iDE’s Sanitation Marketing Model

Posted in — Global Learning > Methodology
January 31, 2019
411 Idecam Vis Bug
iDE Global WASH

iDE uses Sanitation Marketing to identify and fill market gaps by influencing both supply and demand for sanitation products.

Finding Sustainable Solutions Through Human-Centered Design

Human-centered design (HCD) methodology allows iDE to understand the needs and motivations of key stakeholders, including end users, private sector actors, and enabling environment professionals. Rather than focusing on poor households as beneficiaries of charity deprived of agency, we engage with them as business owners, sales agents, producers, employees, and customers with their own unique aspirations and needs. Once we develop a deep understanding of local consumer behavior and market opportunities, then we design affordable, aspirational products that can be sold through local businesses. We don't replicate these products in different countries, but we replicate the process that creates the best products to meet the local context, filtering solutions through the HCD lenses of desirability, feasibility, and viability.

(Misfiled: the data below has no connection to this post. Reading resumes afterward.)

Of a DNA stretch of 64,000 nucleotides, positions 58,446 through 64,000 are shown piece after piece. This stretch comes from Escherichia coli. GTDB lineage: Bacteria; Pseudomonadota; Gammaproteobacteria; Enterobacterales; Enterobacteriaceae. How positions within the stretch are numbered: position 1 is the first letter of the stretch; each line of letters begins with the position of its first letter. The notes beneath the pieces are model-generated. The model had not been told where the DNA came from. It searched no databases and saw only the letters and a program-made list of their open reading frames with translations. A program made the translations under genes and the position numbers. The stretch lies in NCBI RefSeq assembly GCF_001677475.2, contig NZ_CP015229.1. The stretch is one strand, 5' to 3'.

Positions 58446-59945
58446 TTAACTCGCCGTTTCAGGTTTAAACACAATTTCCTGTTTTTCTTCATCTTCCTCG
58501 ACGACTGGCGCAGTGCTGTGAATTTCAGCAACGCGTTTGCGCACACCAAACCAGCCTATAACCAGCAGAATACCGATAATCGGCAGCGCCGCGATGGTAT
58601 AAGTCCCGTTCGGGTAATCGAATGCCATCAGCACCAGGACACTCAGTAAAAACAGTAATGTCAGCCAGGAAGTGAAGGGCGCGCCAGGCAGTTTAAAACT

Diagnosing Markets

Market conditions, stakeholder participation, regulatory environments, and density of other development activity vary across our WASH portfolio. In some countries, the government is highly invested in promoting sanitation, weighing in on latrine technology designs, and regulating how the private sector and NGOs engage in WASH. In others, the government takes a more hands-off approach, and NGOs, donors, and the private sector more strongly influence sanitation program designs. As a result, iDE prioritizes identifying and understanding sector stakeholders in each context to be able to effectively involve them in market-based sanitation work.

Designing Successful Business Models

Business models are tailored to meet the needs of local customers and market actors, and adapted as customer preferences and market conditions evolve. Design research informs this work in three areas: